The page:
I am taking a one- week break from the ten commandments series to repost this series written in 2010, explaining the significance of Babylon in Scripture, and the Christmas connection to it.
christmas and babylon, part one 2012 dec 25
christmas and babylon, part two 2012 dec 26
christmas and babylon, part three 2012 dec 27
Now let us return to Revelation 17 and 18. In the end God’s wrath will be poured out on Babylon. Not on His people. Not on the Church. Not on one nation above others. On Babylon – on the way of the world that elevates a Great Rebellion against God. On idolatry. On enthroning anything that is not God, above God – including man, including nature. On sun worship. On darwinism. On tyranny. And in the middle of this description, of the depravity of Babylon the Great, and the horrific nature of the plagues which she will endure, God makes this plea:
And I heard another voice from heaven saying, “Come out of her, My people, lest you share in her sins, and lest you receive of her plagues.” Rev 18:4
Who is the “her” of which the people of God are being called to come out? The great harlot, arrayed in purple and scarlet, sitting on a scarlet beast full of names of blasphemy, and on her forehead a name was written: Mystery, Babylon the Great, mother of harlots and of the abominations of the earth (Rev 17:3-5). Why does God want His people to separate themselves from her? So that they do not do the sins that she does, and receive the plagues which He has reserved for her.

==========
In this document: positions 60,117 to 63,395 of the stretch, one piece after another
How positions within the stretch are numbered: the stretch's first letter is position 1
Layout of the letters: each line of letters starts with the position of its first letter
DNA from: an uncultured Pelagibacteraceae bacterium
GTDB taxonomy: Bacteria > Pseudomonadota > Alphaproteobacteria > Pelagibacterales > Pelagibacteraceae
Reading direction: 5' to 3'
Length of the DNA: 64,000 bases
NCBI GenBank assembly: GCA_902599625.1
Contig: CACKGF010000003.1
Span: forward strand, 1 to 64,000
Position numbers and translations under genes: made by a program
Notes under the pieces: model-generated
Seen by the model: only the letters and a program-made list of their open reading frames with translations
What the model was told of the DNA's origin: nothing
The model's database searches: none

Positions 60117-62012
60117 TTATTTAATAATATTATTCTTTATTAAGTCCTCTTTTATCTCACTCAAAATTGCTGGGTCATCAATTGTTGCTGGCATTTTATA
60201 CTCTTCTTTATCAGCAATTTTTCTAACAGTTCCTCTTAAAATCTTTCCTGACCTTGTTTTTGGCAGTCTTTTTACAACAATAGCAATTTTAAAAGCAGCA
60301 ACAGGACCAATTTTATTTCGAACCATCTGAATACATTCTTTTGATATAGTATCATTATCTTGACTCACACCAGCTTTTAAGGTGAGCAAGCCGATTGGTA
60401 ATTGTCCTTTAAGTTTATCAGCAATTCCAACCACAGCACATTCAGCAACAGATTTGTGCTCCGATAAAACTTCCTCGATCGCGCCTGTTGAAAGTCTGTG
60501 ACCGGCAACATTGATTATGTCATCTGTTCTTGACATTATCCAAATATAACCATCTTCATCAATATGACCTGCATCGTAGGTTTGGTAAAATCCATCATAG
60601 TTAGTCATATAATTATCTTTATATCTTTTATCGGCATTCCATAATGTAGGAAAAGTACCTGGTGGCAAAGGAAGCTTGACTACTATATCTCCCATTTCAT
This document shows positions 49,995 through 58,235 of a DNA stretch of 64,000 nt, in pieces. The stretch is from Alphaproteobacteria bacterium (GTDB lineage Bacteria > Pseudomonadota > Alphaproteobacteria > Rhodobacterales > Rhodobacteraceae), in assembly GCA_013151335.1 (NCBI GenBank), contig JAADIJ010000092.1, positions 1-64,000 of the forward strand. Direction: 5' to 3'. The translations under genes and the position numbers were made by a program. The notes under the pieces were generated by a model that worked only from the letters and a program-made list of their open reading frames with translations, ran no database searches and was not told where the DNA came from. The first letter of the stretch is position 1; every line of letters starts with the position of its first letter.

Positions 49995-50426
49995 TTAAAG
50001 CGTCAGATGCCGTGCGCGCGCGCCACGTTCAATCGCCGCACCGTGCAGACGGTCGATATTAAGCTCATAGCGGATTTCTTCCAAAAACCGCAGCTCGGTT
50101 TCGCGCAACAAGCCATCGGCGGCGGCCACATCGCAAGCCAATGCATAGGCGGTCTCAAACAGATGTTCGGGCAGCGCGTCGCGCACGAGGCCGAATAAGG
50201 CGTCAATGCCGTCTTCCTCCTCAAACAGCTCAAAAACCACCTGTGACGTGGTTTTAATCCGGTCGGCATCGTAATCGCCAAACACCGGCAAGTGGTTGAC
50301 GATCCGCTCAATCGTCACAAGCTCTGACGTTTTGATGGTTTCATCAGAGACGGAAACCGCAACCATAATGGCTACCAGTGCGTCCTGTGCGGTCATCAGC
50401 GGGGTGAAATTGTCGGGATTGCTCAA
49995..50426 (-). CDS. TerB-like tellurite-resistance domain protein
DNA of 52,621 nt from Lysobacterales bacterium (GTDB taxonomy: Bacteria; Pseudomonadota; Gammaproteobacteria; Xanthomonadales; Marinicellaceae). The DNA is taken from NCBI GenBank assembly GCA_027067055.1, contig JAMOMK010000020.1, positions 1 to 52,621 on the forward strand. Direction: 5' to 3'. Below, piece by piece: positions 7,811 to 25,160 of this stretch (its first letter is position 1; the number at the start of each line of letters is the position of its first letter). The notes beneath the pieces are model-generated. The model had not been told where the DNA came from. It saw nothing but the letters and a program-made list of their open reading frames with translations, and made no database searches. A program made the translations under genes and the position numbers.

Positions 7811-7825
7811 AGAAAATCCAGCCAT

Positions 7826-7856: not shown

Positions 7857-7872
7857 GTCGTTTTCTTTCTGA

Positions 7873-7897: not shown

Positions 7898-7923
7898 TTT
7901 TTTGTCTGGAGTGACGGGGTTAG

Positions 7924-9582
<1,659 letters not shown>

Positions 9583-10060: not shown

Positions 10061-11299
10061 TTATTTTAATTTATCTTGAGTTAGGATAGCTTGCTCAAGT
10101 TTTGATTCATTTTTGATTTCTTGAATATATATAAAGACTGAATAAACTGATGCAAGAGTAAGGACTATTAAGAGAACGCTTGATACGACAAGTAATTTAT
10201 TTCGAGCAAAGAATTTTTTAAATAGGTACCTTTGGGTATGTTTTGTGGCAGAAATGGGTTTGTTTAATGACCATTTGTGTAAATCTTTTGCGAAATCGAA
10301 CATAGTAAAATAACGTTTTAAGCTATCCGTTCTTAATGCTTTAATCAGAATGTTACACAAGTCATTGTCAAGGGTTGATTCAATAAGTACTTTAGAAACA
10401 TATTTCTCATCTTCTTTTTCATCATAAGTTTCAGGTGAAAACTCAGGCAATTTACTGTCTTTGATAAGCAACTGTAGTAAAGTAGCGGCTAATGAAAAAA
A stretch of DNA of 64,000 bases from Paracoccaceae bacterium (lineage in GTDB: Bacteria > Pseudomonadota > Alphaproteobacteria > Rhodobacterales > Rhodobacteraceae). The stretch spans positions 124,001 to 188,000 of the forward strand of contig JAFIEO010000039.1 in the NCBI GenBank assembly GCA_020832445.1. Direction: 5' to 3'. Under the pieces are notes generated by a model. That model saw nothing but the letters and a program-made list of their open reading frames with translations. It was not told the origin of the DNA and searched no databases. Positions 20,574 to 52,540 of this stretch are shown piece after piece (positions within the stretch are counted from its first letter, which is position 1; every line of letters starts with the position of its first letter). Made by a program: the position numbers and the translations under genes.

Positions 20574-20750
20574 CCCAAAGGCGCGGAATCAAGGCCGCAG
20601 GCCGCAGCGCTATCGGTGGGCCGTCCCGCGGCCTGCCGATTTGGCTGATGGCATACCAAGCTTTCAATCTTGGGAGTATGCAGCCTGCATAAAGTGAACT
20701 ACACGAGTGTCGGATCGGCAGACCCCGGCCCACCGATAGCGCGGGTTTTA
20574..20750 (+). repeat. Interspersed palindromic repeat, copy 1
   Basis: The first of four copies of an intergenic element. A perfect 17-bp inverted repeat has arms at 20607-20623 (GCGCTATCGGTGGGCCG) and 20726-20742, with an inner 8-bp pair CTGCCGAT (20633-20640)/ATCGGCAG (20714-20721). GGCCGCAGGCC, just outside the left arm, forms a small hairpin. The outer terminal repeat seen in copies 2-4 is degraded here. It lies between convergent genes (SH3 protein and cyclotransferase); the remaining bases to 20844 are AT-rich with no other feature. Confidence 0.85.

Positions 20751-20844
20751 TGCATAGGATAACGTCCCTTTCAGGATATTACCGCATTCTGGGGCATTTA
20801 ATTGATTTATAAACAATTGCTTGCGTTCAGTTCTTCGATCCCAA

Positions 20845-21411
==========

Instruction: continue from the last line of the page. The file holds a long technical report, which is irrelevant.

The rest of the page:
Jesus told us that when He would return, it would be like the days of Lot (Luk 17:20-37). God sent two angels to call Lot out of Sodom, so that he would not do the sins of the Sodomites (which I believe he was beginning to weaken toward, as evidenced by his willingness to throw his virgin daughters out to the depraved and immoral mob outside his door) and so that he would not receive the plagues which He had reserved for Sodom. He was getting ready to rain down fire and brimstone on Sodom, and He did not want Lot to get burned up in the destruction. He called Lot out, so that he would not share in her sins, and receive of her judgments.
Since I have learned this history, December 25th is to me a Babylonian holiday, intrinisically tied in to the worship of the sun and idolatrous practices, therefore I do not feel comfortable honoring December 25th as a set apart day. I have no problem celebrating Jesus’ birth, but I would like to celebrate His nativity during the Feast of Tabernacles in my household. They are already days holy to the Lord, where decorating the house is already commanded, and making merry and feasting is already observed.
It is my personal conviction. I am not offended by what anyone else chooses to do, and will not be offended if we are invited to family gatherings at this time of year. Please do not be offended if I respectfully decline to deck my halls with boughs of holly, give gifts, or any of the rest of it. I wish you Shalom and Peace from God our Father in our Lord and Savior Yeshua haMashiach!
christmas and sabbath-keeping (or, how to set apart a holy day) 2012 dec 31
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